Shoulder Range of Motion (ROM)
Joint ROM and Accessory Movements are critical to a healthy shoulder. Normal ROM at the shoulder is the goal with early emphasis on External Rotation (ER). ER with the shoulder positioned at 0º Abduction and positioned at 90º Abduction should approach 90º of external rotation. In the authors’ clinical experience, patients with less than 60º ER tend to have a higher prevalence of shoulder pain. Scapular mobility is also critical to maintain or improve, as adhesions can develop quickly. Scapular mobilizations should be performed prior to shoulder ROM.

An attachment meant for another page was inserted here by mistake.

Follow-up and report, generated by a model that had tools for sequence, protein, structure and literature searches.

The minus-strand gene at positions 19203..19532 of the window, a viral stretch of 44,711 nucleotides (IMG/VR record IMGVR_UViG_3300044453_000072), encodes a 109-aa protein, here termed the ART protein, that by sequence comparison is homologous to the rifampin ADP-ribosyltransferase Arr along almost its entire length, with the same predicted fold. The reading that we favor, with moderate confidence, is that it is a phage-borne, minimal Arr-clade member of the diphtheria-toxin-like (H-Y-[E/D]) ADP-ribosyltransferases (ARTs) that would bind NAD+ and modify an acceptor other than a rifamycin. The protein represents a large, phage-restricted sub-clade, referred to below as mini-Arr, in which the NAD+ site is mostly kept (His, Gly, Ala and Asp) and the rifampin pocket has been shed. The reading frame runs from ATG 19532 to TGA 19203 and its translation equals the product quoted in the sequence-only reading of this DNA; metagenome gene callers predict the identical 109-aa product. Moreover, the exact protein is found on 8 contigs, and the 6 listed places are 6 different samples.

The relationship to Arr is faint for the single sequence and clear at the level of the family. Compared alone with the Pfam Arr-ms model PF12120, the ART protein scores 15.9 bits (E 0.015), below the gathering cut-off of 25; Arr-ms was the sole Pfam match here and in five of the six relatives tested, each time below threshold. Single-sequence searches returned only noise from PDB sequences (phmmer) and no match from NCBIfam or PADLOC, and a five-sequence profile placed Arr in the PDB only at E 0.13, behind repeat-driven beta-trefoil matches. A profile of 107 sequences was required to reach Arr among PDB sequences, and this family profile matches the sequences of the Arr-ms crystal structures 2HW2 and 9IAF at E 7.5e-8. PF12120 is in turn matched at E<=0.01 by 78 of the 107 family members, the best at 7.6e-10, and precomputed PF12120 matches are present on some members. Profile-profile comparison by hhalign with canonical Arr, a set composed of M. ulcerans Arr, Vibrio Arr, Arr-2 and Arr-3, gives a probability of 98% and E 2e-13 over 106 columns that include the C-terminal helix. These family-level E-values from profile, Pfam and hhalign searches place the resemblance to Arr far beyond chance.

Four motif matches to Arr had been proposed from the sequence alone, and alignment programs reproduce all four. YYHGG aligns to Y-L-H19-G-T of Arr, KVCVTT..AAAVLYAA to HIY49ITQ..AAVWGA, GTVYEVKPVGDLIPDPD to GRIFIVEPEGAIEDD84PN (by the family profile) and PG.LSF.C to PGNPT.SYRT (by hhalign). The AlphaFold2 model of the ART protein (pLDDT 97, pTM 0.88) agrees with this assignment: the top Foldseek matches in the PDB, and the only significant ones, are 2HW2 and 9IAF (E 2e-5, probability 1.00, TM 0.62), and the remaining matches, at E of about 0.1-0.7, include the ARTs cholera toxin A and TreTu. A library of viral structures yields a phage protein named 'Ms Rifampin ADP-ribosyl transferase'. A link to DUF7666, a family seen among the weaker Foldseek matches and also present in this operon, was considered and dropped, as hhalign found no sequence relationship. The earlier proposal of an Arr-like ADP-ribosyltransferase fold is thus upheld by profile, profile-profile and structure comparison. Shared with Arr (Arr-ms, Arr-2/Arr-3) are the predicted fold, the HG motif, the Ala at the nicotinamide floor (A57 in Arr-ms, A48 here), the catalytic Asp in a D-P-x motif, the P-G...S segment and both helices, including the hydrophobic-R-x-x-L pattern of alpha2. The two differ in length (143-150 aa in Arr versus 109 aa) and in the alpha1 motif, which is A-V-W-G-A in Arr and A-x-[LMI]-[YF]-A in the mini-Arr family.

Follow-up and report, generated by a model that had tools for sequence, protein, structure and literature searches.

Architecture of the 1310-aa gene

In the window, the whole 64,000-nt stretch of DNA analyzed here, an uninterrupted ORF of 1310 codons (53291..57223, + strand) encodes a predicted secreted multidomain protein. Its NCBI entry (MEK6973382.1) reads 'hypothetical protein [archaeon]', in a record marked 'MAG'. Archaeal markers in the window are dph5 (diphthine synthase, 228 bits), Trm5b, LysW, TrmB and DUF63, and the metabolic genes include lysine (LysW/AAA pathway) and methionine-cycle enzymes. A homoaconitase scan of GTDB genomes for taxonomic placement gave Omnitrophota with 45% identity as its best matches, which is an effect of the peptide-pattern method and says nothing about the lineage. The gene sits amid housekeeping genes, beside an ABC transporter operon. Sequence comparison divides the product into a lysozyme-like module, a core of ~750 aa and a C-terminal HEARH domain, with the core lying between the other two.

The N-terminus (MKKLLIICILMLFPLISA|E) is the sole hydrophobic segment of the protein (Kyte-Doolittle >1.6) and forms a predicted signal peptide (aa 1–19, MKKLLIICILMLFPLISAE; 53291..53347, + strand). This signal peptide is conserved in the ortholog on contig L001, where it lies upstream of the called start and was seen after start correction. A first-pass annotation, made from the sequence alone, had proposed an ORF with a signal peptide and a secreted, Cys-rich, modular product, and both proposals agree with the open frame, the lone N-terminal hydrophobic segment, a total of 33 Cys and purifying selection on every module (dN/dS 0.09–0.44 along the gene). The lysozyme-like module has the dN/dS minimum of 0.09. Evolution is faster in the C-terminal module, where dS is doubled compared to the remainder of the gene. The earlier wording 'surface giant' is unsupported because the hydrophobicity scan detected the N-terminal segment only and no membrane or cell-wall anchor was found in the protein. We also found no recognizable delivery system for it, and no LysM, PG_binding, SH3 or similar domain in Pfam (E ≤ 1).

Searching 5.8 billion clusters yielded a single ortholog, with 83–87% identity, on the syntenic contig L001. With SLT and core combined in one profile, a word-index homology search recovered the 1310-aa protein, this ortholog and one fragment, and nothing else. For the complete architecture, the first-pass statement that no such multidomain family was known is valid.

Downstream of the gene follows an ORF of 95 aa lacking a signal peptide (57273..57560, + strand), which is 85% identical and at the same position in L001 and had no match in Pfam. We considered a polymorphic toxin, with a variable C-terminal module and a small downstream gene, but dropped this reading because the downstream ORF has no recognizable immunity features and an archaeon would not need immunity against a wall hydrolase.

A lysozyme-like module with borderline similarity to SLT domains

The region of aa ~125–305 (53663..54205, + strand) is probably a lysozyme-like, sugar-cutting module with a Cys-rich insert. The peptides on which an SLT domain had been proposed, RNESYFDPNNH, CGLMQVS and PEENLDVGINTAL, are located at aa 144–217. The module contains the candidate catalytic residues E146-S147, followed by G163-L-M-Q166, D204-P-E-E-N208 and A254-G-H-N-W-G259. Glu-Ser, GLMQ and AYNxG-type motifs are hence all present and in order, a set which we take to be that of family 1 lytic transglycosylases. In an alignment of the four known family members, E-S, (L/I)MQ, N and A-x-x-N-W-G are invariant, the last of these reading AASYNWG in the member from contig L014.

During External Rotation at 0º Abduction, end range will be determined first by shoulder internal rotation (IR) muscles (subscapularis), then the capsule.
During External Rotation at 90º Abduction, end range will be determined by first by joint capsule, then the shoulder IR muscles.
Patients with tetraplegia are also at high risk for capsular tightness, especially anteriorly and inferiorly (secondary to arms resting at sides or across chest). The humeral head may also rest high in the glenohumeral joint (if patient tends to posture with shoulder and humeral head elevation). Joint mobilizations, especially at end range are an integral piece of the ROM program.